|glassy water, Ebbesvik, near Bergen|
Twister departed Ebbesvik (on the island of (lille)-Sotra) Wednesday the 20th of May 2015. Lovely first day: sunny, nice breeze from NW, sailing close-hauled up (northward) the inside passage from Sotra to Fedje (Hjeltefjorden). As southerly winds were not forecast to arrive till next morning, spent the night tied to a wooden wharf on the quaint little island of Fedje.
Thursday morning the southerly winds arrived, we motored out of the harbor, and after the ferry had sped past, the genoa was unfurled, we headed offshore, and we were on our way north. It was an uncomfortable passage at times and more than once I vowed to head back to the tradewinds ASAP. We piggy-backed on the bottom right quadrant of a low pressure system. Fortunately it was a weak one, but we did not escape without a little bit of a thrashing. As seems to be the case with any bumpy passage, it’s all a bit of a blur now, but it left me plenty of time to do not much but hang on and contemplate life, the universe, and everything. While it was uncomfortable (and there is an aspect to cruising of sometimes simply enduring the discomfort), I was never concerned and I continue to be impressed with how Twister handles rough weather. And hey, if it was just fun and pleasant all the time, it would get boring.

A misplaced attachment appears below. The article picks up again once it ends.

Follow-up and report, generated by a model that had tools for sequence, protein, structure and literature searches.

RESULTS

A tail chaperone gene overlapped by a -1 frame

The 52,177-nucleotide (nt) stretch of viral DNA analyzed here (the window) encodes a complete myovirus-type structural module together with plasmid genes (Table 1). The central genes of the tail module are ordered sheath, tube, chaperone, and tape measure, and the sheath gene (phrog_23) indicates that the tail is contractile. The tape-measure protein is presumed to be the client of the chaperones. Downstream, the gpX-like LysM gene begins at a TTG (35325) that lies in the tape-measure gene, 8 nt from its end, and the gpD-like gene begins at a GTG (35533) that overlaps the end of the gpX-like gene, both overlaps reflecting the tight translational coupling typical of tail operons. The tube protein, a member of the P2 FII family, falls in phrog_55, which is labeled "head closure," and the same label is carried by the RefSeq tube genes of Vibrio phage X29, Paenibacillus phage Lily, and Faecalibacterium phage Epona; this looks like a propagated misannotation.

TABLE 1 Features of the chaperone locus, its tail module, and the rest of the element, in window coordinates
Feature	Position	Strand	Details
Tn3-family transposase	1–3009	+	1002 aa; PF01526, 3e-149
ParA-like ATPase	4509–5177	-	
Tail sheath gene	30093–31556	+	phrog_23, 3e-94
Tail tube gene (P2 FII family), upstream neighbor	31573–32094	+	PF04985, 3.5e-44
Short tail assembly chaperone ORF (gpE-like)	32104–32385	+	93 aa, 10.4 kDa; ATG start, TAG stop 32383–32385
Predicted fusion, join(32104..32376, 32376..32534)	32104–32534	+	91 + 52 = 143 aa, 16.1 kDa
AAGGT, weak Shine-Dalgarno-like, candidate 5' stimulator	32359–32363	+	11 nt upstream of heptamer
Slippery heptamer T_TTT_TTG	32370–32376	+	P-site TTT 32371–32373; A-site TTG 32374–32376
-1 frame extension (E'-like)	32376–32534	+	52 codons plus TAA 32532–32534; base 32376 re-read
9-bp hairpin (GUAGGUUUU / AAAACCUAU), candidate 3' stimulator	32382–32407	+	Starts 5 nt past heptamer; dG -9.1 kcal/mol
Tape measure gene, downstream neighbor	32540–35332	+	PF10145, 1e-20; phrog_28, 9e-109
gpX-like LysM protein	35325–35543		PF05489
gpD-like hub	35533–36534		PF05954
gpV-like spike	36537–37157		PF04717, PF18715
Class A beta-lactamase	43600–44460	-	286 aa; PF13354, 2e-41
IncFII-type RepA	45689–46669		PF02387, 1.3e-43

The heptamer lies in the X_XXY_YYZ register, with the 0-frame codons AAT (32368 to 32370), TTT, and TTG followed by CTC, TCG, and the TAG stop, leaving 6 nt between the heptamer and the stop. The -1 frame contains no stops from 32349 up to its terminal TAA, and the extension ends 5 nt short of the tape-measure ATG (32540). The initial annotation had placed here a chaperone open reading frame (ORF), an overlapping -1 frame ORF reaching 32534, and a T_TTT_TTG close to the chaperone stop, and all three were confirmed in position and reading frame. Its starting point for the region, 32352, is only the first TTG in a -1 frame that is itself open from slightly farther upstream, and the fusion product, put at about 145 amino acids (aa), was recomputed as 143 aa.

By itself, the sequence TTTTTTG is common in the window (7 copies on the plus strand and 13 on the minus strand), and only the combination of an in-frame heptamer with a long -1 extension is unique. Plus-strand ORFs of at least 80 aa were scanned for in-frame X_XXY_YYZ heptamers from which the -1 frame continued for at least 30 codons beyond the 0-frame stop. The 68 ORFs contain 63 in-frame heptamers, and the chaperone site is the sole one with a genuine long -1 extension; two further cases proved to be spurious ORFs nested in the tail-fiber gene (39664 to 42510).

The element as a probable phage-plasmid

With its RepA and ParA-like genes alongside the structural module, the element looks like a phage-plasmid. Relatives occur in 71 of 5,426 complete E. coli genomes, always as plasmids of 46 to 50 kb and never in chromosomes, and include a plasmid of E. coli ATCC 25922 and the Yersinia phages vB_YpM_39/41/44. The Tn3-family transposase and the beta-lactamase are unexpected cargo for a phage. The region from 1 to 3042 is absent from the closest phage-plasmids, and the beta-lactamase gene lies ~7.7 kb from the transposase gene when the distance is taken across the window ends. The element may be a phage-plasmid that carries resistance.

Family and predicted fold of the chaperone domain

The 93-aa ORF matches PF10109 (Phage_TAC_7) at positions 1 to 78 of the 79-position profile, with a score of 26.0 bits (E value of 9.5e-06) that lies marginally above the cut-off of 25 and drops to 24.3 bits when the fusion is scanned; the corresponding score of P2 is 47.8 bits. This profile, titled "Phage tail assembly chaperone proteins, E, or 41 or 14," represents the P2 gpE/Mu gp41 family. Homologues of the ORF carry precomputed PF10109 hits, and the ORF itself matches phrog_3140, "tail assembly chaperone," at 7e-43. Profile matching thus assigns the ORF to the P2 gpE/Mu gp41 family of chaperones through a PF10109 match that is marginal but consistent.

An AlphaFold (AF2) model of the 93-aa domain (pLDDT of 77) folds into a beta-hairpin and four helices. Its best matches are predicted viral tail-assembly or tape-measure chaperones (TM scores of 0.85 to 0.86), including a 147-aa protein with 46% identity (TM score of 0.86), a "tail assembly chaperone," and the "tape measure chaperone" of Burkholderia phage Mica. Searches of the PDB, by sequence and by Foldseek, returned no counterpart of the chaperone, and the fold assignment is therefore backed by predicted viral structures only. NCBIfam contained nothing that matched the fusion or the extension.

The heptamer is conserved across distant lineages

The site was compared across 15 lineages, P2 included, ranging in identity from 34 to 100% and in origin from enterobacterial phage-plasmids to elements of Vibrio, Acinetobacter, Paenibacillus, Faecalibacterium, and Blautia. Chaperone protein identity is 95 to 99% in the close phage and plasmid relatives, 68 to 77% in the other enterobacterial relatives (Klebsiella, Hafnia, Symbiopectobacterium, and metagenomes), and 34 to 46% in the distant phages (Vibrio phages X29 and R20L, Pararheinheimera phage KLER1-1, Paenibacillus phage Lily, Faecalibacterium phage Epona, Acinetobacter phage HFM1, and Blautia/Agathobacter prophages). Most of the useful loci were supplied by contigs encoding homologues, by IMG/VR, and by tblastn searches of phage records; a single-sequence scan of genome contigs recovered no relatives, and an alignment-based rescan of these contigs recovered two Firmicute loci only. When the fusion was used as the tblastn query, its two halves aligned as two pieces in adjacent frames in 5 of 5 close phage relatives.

Sunday may 24th, the winds eased and turned northeasterly. We had made it to nord-Norge (northernNorway). I set a course for the nearest anchorage I could find among the outer islands outside of Brønnøysund and the distinctive mountains on the island of Vega. I tied to a mooring next to a fishing boat in a snug little cove at Bremsteinen which is the name of a little group of islands exposed to the full fury of The Norwegian Sea and where one would think no one could live (but people did up until the 1950s). It continues to serve as a temporary harbor for fishing boats.
|fishing boat in the evening light at Helløya|
Monday arrived with light northeasterlies and Twister was able to do about 4 knots almost due north. We sailed outside the maze of skerries and rocks of the Helgeland coast and when the winds died in the evening, we headed back inside the labyrinth (which is how Captain Cook described sailing inside The Great Barrier Reef, but which could just as well be applied to this area) to anchor for the night. The winds had almost died, but there was still sufficient swell coming in from The Norwegian Sea to cause breaking waves on the rocky reefs scattered in every direction. Again I found myself next to a fishing boat as I anchored by the little island of Helløya. I continued day-sailing and night-anchoring and the next evening found Twister at Hjartøya with a great view of The Seven Sisters mountains on Alsten Island. It was bordering on the pathologically compulsive as I had to pick up the camera every few mintues to take another photo of the mountains as the changing light and clouds presented another stunning picture.
|The Seven Sisters|
Next stop, Træna, another small island community which sits on or just below the arctic circle (whose position is not fixed but currently is around 66° 34' N), followed Myken, an even smaller and even quainter island hamlet where I spent a couple of nights.
June 1, departed Myken and initially set a course for Bodø, but the wind forecast was less than reliable that day, and after a couple of wind and course changes, I headed to Støtt (another charming island group). Good day for wildlife - saw lots of Puffins and one whale (long, pointy dorsal fin could be consistent with Minke Whale). Next day, nice downwind passage to Bodø.
More photos here